Law enforcement sources confirmed to The Times on Wednesday that Ayoka — who was active online as an R&B recording artist as well as an astrologer offering self-help and healing sessions for a fee — was Johnson, the suspect in the two deaths.
The LAPD has said little publicly about the motive in the deaths and stress the investigation is ongoing. Lt. Guy Golan, homicide supervisor for the LAPD Valley Bureau, said Johnson and her partner, 29-year-old Jaelen Allen Chaney, had no documented history of domestic violence or calls to the Los Angeles Police Department. There were no prior indicators of domestic strife, Golan said.
With no clear motive, investigators believe that the eclipse may have been a factor in the killings because of some of the things Johnson wrote just days before, according to sources, who spoke on the condition of anonymity because they were not authorized to speak publicly.
Under the Ayoka moniker, Johnson issued a torrent of antisemitic screeds, conspiracy theories and alarmist warnings on Thursday and Friday. . . .
In late March, she posted a GIF of a tapered candle surrounded by leaves, calling it a “free eclipse protection candle for your mind and body” and advising users to “like to activate.” But as the eclipse drew nearer, her posts grew more alarming. On Friday she wrote an all-capital message: “If any spiritual account is not revealing the truth right now they are fake. They are lies. They have sold out and are on the wrong side. Wake up!” . . .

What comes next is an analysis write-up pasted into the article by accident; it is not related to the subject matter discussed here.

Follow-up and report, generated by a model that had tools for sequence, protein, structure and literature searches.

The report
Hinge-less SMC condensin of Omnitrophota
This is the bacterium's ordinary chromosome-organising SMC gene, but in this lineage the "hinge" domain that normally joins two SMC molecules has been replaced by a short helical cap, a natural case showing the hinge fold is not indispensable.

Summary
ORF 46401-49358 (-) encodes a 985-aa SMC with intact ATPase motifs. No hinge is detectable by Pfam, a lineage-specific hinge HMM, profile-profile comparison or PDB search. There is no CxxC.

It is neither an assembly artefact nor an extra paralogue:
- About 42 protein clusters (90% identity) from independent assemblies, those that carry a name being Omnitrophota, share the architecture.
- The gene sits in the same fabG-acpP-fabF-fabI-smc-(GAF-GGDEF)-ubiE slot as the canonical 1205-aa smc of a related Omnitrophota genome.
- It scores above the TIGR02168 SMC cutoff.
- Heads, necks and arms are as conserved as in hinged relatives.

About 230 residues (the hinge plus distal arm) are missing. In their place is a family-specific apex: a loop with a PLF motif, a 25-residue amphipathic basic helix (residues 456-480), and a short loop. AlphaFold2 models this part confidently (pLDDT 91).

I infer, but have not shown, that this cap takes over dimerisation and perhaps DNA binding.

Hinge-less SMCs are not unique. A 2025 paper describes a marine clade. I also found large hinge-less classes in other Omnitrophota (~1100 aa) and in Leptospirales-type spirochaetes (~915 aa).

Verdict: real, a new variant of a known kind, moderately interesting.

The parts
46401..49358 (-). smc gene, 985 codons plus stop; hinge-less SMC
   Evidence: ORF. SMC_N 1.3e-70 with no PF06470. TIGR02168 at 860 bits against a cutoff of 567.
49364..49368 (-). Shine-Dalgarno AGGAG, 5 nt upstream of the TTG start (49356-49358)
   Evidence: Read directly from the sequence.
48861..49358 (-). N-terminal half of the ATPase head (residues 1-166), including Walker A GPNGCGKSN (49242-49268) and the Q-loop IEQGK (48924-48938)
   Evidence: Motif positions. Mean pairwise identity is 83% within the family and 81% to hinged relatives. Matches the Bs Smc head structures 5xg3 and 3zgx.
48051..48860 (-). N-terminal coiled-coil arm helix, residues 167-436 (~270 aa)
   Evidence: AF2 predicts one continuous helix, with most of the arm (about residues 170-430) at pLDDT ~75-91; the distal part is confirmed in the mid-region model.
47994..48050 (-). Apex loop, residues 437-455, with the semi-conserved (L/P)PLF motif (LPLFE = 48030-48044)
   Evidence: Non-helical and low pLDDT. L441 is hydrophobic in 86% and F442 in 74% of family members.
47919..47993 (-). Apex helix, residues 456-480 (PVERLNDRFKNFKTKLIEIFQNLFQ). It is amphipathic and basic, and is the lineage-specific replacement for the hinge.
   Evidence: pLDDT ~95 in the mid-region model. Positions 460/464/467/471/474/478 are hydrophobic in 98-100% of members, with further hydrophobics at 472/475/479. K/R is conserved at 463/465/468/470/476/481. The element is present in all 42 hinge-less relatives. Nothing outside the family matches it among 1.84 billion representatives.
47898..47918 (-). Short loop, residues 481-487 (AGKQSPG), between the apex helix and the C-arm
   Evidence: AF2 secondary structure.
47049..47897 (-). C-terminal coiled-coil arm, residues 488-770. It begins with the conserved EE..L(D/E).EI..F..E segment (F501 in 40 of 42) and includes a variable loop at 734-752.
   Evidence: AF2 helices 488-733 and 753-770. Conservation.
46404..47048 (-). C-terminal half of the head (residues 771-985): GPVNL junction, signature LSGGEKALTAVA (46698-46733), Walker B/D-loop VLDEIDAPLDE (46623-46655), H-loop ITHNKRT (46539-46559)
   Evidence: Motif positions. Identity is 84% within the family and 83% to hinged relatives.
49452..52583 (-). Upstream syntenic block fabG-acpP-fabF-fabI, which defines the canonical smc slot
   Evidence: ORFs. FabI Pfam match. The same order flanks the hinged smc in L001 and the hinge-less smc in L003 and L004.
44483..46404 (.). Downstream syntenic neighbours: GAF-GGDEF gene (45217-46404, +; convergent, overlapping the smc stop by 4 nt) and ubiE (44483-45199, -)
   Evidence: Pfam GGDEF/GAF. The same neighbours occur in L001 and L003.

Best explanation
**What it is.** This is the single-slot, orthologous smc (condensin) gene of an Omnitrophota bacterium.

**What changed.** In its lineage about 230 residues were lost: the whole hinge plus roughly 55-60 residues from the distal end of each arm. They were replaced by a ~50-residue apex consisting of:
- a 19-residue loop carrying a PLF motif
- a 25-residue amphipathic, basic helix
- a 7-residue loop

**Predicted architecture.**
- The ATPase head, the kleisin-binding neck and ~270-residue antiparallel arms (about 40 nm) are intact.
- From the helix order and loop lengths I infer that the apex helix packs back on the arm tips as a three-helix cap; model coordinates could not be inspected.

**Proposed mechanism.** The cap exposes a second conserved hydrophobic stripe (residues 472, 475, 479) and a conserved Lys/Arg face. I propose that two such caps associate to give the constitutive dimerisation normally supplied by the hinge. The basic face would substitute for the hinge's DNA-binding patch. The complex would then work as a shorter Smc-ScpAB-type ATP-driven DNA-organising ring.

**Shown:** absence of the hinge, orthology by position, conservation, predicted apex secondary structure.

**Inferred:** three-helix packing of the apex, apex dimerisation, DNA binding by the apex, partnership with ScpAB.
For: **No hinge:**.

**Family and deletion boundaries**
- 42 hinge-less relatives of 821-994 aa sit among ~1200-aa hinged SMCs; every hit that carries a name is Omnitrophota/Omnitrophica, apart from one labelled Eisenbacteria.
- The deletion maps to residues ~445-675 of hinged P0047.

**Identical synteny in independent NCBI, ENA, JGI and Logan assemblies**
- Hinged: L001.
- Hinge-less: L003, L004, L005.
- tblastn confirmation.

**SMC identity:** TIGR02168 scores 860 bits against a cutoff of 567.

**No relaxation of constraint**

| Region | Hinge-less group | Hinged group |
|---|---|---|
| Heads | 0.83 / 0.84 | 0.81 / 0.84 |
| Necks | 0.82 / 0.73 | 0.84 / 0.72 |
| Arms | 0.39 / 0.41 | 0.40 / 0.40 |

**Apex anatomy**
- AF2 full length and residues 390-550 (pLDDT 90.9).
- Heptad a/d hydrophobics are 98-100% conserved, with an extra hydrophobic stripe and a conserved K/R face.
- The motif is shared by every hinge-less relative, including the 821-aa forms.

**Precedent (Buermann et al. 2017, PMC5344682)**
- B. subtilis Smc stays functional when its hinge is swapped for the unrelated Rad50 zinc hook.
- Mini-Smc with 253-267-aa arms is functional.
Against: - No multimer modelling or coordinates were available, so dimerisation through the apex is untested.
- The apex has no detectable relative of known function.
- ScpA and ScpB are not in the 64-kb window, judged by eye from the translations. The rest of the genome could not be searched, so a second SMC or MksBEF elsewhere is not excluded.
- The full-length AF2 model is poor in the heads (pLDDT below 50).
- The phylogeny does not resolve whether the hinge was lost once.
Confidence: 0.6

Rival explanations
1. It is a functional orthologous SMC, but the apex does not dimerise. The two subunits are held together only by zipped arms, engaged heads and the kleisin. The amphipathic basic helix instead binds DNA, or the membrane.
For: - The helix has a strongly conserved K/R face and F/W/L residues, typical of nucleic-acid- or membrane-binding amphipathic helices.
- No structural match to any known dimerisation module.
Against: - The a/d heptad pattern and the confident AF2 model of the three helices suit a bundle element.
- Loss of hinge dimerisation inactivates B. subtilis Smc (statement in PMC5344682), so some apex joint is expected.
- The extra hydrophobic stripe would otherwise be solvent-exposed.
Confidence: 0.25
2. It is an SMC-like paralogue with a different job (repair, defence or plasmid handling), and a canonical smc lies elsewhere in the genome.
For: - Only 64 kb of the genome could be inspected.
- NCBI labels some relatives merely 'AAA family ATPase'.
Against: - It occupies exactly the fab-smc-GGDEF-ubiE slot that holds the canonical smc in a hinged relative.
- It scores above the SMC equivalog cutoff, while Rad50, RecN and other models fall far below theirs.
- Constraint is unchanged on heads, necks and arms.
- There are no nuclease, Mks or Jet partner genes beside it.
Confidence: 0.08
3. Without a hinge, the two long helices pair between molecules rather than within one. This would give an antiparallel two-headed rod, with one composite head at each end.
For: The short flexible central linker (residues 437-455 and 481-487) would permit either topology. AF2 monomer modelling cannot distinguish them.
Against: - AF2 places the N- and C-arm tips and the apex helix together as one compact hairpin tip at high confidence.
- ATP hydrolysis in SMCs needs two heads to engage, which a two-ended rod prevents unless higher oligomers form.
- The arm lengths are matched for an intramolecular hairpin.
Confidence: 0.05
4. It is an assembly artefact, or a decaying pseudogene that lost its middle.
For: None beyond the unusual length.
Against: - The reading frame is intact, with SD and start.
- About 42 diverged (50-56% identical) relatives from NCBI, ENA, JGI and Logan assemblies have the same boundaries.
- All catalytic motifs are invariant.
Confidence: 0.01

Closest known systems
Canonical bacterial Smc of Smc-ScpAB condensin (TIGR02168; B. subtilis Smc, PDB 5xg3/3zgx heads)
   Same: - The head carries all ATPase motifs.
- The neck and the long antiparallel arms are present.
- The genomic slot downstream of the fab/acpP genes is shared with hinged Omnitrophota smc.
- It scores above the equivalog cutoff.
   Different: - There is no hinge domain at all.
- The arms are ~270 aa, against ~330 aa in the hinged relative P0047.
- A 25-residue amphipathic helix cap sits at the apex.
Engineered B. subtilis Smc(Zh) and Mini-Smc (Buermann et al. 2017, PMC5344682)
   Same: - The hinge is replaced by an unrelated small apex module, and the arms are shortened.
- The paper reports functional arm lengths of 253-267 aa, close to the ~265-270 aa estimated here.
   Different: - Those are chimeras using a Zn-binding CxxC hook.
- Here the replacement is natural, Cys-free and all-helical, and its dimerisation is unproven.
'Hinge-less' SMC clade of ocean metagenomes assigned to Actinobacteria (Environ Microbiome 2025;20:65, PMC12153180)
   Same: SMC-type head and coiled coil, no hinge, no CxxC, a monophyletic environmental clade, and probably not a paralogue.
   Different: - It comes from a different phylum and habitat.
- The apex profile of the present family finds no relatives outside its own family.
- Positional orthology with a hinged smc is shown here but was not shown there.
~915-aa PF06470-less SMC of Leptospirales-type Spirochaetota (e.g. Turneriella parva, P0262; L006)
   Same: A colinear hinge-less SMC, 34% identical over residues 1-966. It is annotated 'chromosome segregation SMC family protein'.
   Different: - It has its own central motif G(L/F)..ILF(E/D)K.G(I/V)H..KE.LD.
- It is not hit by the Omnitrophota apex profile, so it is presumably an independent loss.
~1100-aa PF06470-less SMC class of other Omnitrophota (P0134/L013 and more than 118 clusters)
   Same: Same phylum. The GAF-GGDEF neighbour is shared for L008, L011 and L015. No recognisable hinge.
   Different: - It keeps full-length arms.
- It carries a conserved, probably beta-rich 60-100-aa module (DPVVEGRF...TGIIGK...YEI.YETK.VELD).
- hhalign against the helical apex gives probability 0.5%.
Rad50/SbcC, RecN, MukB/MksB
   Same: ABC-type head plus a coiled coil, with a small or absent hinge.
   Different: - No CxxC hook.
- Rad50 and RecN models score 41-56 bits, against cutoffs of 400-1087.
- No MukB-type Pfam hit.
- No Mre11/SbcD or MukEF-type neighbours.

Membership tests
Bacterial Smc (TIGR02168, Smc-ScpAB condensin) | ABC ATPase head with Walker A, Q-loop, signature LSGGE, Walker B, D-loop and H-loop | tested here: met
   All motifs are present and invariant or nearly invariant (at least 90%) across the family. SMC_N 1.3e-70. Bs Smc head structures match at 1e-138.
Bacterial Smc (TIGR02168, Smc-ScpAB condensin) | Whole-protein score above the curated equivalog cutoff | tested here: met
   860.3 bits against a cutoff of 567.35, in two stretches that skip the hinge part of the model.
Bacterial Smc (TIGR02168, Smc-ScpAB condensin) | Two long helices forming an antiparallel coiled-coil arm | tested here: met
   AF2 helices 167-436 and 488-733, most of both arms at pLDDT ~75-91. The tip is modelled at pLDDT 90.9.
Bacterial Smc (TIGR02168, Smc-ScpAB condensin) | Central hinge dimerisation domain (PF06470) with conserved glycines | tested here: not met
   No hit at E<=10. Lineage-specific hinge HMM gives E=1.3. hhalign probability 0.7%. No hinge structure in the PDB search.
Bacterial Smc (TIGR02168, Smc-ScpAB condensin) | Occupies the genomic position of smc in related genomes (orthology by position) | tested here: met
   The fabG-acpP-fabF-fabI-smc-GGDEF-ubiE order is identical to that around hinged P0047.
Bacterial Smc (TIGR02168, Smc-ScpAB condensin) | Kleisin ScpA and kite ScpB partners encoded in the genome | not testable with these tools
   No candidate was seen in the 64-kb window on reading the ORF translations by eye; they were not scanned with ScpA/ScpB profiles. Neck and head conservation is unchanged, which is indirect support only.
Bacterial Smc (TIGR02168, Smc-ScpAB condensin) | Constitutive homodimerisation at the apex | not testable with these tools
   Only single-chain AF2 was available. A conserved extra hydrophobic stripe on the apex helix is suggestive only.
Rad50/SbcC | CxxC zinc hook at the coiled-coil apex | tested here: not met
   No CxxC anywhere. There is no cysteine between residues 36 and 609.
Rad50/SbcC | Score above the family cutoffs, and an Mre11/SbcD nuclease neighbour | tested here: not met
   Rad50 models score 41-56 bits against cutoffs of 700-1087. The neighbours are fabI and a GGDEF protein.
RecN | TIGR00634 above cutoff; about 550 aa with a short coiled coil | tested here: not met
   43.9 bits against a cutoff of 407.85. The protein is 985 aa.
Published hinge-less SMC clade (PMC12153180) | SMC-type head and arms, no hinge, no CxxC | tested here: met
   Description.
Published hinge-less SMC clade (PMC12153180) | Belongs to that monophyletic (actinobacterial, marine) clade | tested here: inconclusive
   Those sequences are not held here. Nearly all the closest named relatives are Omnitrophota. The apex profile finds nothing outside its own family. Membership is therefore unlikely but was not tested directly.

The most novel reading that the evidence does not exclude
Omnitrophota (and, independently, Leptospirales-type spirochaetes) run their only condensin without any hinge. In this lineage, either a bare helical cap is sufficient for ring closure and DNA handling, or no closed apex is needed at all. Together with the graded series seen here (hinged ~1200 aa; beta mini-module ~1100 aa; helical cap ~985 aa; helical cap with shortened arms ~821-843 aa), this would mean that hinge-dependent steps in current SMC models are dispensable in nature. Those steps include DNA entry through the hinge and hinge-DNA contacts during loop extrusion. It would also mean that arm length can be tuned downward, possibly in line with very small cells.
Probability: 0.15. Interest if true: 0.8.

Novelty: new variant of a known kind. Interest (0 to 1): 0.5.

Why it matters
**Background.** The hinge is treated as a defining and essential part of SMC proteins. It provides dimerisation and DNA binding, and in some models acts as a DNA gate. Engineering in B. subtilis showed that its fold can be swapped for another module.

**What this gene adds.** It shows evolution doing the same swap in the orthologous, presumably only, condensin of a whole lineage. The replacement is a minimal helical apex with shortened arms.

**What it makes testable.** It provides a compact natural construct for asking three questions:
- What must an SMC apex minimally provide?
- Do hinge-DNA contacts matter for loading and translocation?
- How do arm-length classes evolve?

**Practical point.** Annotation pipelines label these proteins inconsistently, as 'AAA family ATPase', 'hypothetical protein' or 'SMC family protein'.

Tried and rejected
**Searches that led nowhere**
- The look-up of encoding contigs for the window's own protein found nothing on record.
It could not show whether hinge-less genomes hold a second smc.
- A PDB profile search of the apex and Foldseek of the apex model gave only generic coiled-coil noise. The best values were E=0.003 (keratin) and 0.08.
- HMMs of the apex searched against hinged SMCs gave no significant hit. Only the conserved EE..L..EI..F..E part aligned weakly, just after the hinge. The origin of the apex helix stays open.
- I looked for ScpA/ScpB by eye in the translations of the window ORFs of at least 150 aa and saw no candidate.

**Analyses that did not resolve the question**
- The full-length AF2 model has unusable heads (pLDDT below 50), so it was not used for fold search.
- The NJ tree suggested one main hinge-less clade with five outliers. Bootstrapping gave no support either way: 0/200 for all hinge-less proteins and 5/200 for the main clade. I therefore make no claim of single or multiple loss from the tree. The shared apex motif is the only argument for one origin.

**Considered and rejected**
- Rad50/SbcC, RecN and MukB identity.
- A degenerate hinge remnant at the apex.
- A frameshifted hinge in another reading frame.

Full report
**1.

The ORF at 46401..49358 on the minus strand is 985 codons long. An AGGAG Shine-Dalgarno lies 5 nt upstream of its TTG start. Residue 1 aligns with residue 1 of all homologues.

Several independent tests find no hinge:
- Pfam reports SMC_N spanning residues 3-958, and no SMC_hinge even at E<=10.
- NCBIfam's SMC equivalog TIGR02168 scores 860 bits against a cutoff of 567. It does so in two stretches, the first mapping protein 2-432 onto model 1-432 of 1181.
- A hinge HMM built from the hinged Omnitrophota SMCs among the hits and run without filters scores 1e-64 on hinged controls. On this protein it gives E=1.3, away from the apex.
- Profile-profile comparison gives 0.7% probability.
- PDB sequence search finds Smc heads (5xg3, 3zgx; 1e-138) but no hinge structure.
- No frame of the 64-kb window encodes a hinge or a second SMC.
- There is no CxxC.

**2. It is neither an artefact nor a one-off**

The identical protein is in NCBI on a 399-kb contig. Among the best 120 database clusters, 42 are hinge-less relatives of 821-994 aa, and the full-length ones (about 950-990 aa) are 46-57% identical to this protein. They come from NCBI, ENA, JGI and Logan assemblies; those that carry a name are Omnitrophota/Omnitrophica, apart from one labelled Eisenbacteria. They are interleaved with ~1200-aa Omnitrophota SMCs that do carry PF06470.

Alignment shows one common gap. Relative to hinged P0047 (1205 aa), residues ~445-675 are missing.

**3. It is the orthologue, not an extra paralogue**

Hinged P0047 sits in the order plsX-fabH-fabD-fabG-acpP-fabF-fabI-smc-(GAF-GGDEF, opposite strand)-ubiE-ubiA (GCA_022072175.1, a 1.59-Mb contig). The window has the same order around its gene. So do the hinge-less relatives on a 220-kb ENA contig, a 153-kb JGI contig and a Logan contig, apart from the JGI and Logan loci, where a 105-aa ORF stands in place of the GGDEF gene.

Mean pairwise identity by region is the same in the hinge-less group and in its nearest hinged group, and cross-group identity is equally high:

Despite her penchant for offensive posts, Johnson was popular online, with more than 100,000 followers on X who liked her increasingly worrying messages. Years ago she became a darling of the media, with numerous sites such as Refinery 29 and the Fader posting glowing reviews of the “clairvoyant” Johnson’s skills at giving followers “dead on descriptions of each zodiac sign and [guiding] them to wellness through detailed moon rituals.” She would often make posts about specific zodiac signs and how they were being affected at the time by astrological movements. . . .
Johnson started pursuing astrology and reiki — an energy healing technique — about a decade ago . . .
Johnson said . . . she was descended from Cherokee medicine women and was born with the ability to see spirits and a heightened intuition.

Astrology, “energy healing,” Cherokee medicine women as her ancestors, “heightened intuition” — how stupid do you have to be, to give money to someone on the basis of such preposterous claims? And yet, apparently people did give her money, because she was driving a Porsche: